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Insurance: putting a premium on life

4 Aug 2022

People insure their homes. They insure their most valuable possessions and car insurance is a legal requirement. But how many people insure their lives?

A survey in January 2021 involving 2,000 adults found many were put off by persistent ‘myths’ that cover was too expensive and that insurers ‘never pay out’, while Canada Life revealed data suggesting that at an estimated 63% of adults in the UK did not have a policy and were therefore unprotected.

This article explains the main features of life insurance, how it can help to provide financial security, peace of mind and help to pay for day-to-day expenses.

There are many situations where life insurance could be helpful, for example:

  •   To cover a mortgage or other loans and dependants’ ongoing financial needs
  •   To pay an inheritance tax bill
  •   To pay out a series of regular amounts, say to fund a child’s education or childcare costs

Forms of life insurance

Term insurance

Term insurance pays out a fixed lump sum amount if the insured person dies during the term. However, if the person lives beyond the period of the term no cash payment will be made.

Other types of term cover include:

Increasing term insurance,: which contains an element of inflation proofing.

Decreasing term insurance: where the cover reduces over time (useful for paying a mortgage that declines).

Renewable term insurance: a way of extending cover at the end of the term without having to take out a new policy.

Convertible term insurance: allows the policyholder to convert to a new policy for a longer term.

A variation on term insurance is family income benefit, where rather than a lump sum, money is paid out as a regular income stream.

Whole of life Insurance (also called life assurance)

Unlike term insurance, which covers you for a specific period of time, when you take out whole of life insurance you are guaranteed a payout no matter how long you live.

Whole of life insurance can include an element of investment, with part of the premiums put into an investment fund which can accrue a ‘cash value’, some of which you may be able to withdraw tax-free. Depending on the performance of the fund, the value of the lump sum could increase, or the premiums could rise if the fund does poorly.

Generally, because a payout is guaranteed at some stage, whole of life insurance premiums are higher than those for term insurance.

Written in trust

When written in trust, whole of life insurance can be a useful way to pay an outstanding Inheritance Tax liability on your estate.

Writing a life insurance policy in trust means that the policy won’t be included in your estate for inheritance tax purposes but is passed straight to the beneficiaries. And as the money will not have to go through the probate process, it’s likely the beneficiaries will receive the money quicker.

Single versus Joint life policies

If you take out a joint policy, the money will go to the surviving policyholder, typically a spouse or partner.

Both the insured must be insured for the same amount, so the money received is the same whoever dies.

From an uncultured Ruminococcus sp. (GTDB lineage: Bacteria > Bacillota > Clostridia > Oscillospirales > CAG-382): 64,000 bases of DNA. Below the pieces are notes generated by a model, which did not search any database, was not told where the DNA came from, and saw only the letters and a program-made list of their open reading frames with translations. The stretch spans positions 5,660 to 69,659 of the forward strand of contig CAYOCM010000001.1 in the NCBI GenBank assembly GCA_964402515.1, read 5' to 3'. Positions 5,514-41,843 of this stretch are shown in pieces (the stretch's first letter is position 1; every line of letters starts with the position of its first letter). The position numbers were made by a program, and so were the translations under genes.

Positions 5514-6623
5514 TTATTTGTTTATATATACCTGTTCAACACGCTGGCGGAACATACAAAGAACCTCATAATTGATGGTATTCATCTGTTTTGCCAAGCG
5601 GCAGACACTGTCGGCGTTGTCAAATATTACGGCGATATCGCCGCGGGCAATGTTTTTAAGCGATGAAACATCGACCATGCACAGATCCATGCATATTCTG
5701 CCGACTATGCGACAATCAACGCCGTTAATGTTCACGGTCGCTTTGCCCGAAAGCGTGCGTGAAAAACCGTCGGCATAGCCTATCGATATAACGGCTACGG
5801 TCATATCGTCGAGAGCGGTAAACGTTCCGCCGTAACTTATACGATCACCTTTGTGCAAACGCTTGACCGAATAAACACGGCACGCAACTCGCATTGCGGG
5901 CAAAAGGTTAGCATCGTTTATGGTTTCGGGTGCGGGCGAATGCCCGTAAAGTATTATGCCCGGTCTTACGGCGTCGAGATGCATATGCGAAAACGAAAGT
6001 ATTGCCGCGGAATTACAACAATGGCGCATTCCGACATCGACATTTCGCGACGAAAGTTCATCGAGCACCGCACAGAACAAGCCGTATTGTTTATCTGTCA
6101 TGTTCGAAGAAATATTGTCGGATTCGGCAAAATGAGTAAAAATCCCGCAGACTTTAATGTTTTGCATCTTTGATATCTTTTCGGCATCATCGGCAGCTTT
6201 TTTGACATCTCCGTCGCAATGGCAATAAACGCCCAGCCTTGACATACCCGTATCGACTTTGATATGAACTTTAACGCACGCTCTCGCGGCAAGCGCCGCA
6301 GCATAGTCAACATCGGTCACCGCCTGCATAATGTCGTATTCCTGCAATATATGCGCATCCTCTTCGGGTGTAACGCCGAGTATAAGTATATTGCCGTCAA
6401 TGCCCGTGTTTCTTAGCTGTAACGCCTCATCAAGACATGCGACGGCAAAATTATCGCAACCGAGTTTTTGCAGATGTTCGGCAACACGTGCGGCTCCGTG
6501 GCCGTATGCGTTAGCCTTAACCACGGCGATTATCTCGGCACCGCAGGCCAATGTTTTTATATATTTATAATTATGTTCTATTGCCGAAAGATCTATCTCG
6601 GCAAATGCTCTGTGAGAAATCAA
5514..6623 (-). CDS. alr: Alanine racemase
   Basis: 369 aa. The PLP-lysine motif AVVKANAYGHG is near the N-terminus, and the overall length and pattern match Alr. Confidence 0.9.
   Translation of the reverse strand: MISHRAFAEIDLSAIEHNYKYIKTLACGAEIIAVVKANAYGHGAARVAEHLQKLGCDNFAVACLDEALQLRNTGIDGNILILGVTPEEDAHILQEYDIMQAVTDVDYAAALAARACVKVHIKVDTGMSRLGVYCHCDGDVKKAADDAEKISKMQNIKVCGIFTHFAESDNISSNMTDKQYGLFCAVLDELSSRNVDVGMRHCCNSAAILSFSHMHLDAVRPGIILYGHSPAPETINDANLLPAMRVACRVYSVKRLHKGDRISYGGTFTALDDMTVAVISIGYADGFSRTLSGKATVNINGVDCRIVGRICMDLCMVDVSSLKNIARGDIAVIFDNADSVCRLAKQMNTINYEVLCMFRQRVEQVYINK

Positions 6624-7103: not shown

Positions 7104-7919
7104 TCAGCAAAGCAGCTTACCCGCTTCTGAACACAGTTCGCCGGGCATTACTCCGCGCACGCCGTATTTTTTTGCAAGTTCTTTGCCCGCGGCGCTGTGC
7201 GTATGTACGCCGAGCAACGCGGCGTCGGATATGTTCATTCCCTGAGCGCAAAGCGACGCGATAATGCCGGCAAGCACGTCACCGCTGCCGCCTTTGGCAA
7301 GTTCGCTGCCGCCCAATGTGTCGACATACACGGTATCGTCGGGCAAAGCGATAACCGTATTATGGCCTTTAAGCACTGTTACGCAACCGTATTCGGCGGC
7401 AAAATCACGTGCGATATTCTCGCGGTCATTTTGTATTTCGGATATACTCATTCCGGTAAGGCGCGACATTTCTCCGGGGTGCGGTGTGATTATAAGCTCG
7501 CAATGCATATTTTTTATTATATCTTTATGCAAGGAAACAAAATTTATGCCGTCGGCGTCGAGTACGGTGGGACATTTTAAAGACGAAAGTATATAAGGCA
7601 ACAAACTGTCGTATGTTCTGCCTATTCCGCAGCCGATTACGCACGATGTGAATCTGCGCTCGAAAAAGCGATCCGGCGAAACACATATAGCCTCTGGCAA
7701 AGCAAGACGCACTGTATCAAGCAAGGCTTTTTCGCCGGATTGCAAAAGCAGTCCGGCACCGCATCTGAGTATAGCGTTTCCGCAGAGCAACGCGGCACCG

Joint life cover usually only pays out on the first death, although a small number of policies provide cover on ‘a second death’ basis, with the beneficiaries receiving the money after the last surviving person on the policy dies.

Critical illness

Critical illness cover can be added to a life insurance policy. Under this type of arrangement, not only do you receive a payout if you’re diagnosed with a condition listed on your policy, but if you die during the term, the nominated beneficiaries will receive a lump sum.

Existing cover

If you are in work, check with your employer as you may already have some cover as part of your employment package. If this is the case, you may decide to top up this cover by taking out a policy.


It’s difficult to generalise as premiums depend on individual circumstances. Shopping around can cut premiums.

As you might expect, premiums rise with age, poor health and poor lifestyles as insurers regard these as increasing their risk.

Changing needs

Areas requiring protection change as people go through life, with events such as buying a home, getting married, having children, or leaving a job where life insurance is included, often triggering people to purchase life cover. The amount of cover required is also likely to change, so it’s a good idea to regularly review your existing life insurance and how it fits in with achieving your financial and life objectives. A financial adviser will be able to help you with this.

In supporting clients with their financial goals, Courtiers Advisers are free to take a ‘whole of market’ approach, meaning they can search the entire market to find the most appropriate cover to meet any specific needs.

Important Information

The views expressed by Courtiers in this summary are reached from our own research. Courtiers cannot accept responsibility for any decisions taken as a result of reading this article. Investors are recommended to take independent professional advice before effecting transactions and the prices of stocks, shares and funds, and the income from them can fall. Past performance is not a guide to future returns. Tax treatment depends on individual circumstances and may be subject to change in future. We do not endorse or accept responsibility for website content on any websites other than those operated by Courtiers, which may be accessible via links in this article.

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